In the sixth chapter, Han conducts a pathological reading of the short story “Bartleby, the Scrivener: A Story of Wall Street”, by Herman Melville. This reading is contrasted with the ontotheological interpretations that Gilles Deleuze and Giorgio Agamben made of the same text. For Han, the tale is a story of a world that reduced the human to an animal laborans. Bartleby’s society is disciplinary as evidenced by prohibitive architectural sym-bols, such as walls and the frequent use, as its title suggests, of the term ‘Wall’. However, all clerks of the law firm where Bartleby works suffer from neurotic disorders. The general agitation is opposed to Bartleby’s apathy and inertia. According to Han, Bartleby doesn’t present yet symptoms of depression, such as lack of self-confidence, sense of inferiority, self-recrimination or self-harm. Bartleby doesn’t have to live yet with the imperative to be himself, because he is still a “subject of obedience”. The formula many times repeated by Bartleby of “I would prefer not to” expresses the inertia of this subjection. Against Deleuze’s “new Christ” and Agamben’s “pure potency”, Han argues for a Bartleby as “Be-ing negative towards death” (p. 49). What characterizes this Bartleby is the refuse. His path ends with the discovery that he was the employee of the dead archive of the post of-fice, of the mails which were not delivered. The symbolic of grass and sky in the episode of prison, which Agamben identified as messianic, is to Han a contrast to death. According to Han, these signs of life constitute a failure of the illusion, for only through the negativity of rejection one can achieve the possibility of the opposite – in this case, of life.

In the last chapter, with homonymous title to the book, Han describes the evolution from a society of production to a society of doping and he explains how this evolution is manifested at the level of burnout. The doping, as the positively so-called ‘neuroen-hancement’, induces the conversion of the human body into a “production machine”: doping allows the yield without interruptions or faults with the objective of the maximi-zation of production. This development produces an “alienating fatigue”. Han uses the distinction drawn by the writer Peter Handke between an “alienating fatigue” and an “eloquent and conciliatory fatigue” or “fatigue confident in the world” or “fundamental

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fatigue” or even in other words “clairvoyant fatigue” or “profound fatigue” (pp. 53-54). The first type describes a burnout of positive potency: it is individual and insulator, exces-sive, destructive of the common because the self is the only horizon of vision, destroyer of the slowness of forms; it is a burnout of the other. The second type of burnout is on the order of negative potency: it reduces identity and blurs the outlines of things, it lets see and to be seen, it lets touch and to be touched, it enables attention to the lengthy of forms, it restores the duality, it establishes a sympathy – the latter enables, establishes and unites a community of things and people; it is a burnout with each other. Han shows that Islamic and Christian religious communities follow traditions establishing societies of burnout, but a burnout with each other. On the contrary, the positive society is a soci-ety of burnout of the other.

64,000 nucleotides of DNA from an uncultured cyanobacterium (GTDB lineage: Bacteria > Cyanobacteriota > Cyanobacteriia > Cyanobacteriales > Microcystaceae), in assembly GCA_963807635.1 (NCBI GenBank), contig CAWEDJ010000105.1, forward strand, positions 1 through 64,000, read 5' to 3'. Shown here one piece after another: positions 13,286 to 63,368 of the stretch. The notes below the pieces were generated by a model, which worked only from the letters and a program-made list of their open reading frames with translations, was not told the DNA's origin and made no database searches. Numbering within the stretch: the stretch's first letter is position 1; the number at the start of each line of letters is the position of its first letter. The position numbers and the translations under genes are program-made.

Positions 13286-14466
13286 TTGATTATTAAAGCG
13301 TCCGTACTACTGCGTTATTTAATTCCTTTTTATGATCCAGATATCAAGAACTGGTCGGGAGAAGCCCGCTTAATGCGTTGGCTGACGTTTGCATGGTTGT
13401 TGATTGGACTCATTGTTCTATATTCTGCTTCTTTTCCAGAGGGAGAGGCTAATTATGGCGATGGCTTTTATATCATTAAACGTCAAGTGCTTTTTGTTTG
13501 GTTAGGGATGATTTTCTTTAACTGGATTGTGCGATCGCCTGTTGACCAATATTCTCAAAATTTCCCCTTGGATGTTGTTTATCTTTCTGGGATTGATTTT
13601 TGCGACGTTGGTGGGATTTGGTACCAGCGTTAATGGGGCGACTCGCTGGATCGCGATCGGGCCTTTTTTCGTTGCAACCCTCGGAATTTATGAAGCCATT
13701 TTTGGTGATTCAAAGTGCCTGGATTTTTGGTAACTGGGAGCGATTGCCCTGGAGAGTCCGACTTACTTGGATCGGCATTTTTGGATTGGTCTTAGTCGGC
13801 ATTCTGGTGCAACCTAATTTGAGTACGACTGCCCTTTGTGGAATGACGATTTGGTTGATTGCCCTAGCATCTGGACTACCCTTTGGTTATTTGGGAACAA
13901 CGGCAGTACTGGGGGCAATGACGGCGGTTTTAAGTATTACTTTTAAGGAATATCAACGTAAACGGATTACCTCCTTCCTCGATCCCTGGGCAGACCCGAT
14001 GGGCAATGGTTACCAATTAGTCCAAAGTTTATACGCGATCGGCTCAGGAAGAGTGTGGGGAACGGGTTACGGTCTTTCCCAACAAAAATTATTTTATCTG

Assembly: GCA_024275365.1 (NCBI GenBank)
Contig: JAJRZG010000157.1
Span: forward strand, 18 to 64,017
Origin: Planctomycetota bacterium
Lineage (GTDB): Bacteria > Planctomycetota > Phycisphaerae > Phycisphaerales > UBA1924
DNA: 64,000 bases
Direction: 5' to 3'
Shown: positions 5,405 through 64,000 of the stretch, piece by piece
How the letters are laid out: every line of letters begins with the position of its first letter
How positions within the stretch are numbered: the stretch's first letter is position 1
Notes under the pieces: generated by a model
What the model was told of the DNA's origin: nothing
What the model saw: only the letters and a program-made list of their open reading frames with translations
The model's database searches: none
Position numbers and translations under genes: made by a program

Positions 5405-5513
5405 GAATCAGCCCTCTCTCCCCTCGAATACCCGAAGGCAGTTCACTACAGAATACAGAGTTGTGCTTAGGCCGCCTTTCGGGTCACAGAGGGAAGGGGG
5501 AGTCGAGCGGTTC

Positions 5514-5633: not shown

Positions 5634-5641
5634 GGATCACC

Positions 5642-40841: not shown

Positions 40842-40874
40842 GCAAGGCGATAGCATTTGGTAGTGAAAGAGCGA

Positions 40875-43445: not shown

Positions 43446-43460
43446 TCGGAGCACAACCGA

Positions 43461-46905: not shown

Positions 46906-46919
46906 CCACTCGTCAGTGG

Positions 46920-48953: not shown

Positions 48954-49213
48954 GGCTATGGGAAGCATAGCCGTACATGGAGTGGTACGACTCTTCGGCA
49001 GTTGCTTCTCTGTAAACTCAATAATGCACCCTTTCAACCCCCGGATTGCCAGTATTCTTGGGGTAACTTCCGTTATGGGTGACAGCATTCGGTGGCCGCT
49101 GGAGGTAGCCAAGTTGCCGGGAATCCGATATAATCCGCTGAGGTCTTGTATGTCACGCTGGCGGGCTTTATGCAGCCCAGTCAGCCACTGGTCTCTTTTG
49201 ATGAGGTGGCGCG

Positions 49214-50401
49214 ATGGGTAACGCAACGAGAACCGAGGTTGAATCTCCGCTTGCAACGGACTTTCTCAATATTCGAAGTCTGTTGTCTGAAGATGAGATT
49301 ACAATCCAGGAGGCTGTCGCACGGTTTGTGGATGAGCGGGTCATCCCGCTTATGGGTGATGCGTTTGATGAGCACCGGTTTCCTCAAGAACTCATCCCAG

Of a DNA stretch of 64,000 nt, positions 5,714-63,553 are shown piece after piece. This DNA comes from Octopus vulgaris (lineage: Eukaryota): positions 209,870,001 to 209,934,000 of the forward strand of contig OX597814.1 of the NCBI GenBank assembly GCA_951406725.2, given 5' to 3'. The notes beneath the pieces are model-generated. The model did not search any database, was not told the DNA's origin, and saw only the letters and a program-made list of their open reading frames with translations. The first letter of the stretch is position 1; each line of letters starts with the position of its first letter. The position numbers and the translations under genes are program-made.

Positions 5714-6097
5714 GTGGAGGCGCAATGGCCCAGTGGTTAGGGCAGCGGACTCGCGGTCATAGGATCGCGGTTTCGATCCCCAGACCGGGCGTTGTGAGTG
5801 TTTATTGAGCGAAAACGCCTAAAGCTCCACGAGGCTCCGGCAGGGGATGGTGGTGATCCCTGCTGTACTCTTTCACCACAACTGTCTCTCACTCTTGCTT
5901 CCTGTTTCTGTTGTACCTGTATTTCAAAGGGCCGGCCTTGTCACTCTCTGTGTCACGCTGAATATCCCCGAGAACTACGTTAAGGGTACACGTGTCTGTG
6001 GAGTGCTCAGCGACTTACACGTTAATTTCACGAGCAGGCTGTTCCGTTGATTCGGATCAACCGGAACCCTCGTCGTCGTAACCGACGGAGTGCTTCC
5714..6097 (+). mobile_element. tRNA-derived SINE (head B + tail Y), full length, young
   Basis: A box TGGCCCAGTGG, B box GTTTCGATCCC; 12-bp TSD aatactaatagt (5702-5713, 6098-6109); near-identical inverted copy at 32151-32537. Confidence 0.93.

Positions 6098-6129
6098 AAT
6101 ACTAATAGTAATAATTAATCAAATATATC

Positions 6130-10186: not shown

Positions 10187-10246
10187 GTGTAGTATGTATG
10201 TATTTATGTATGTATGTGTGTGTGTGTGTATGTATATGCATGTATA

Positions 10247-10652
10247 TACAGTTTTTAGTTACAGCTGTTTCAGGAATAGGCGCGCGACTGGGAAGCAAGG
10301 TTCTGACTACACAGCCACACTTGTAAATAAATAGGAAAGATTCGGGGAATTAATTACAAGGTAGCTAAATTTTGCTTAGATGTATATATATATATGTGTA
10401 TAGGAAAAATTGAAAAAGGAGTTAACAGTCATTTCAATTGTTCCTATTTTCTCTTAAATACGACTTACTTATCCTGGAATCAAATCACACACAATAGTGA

As concluding remarks, one should understand that Han’s defense of otherness doesn’t seem to set up any sort of auspice to negative schemes historically constituted. In other words, it is not that he wants to defend the disciplinary political regimes of the twentieth century. Han’s book doesn’t resend its reader to another time. Indeed, the au-thor recalls the relation which once settled so lividly through a critique of the disruption of that relation. Therefore, Han does not make an apology of immunity, although he iden-tifies it with negativity. The constant historicist emphasis and pathological concern are the driving-force of a periodization of regimes within which is the immunological one. Ultimately, the contrast between the “immunological period” and the “neuronal period” stresses the immunological scheme because within it the otherness was highlighted by negation. Anyway, this Han’s book deserves the attention of those interested in com-munication, media and sociability in the today’s society. In the book there is a route of reflection which brings the researcher’s gaze to the importance of otherness and to the impact of the hypercommunication, the hypermediatization and also the hypermobiliza-tion in human condihypermobiliza-tion.

Biographcal note

Diogo Silva da Cunha is an integrated researcher at the Research Group on Philoso-phy of Human Sciences, Ethics and Politics at the Center for PhilosoPhiloso-phy of Sciences of the University of Lisbon. He has a degree in Journalism from the School of Communica-tion and Media Studies of the Polytechnic Institute of Lisbon (2014) and he is attending the Masters in History and Philosophy of Sciences at the Faculty of Sciences of the Uni-versity of Lisbon (actuality).

E-mail: cunhadiogo15@gmail.com

Centro de Filosofia das Ciências da Universidade de Lisboa (CFCUL), Faculdade de Ciências da Universidade de Lisboa, Campo Grande, Edifício C4, 3.º Piso, Sala 4.3.24, 1749-016 Lisboa, Portugal

*Submitted: 09-04-2015 *Accepted: 02-07-2015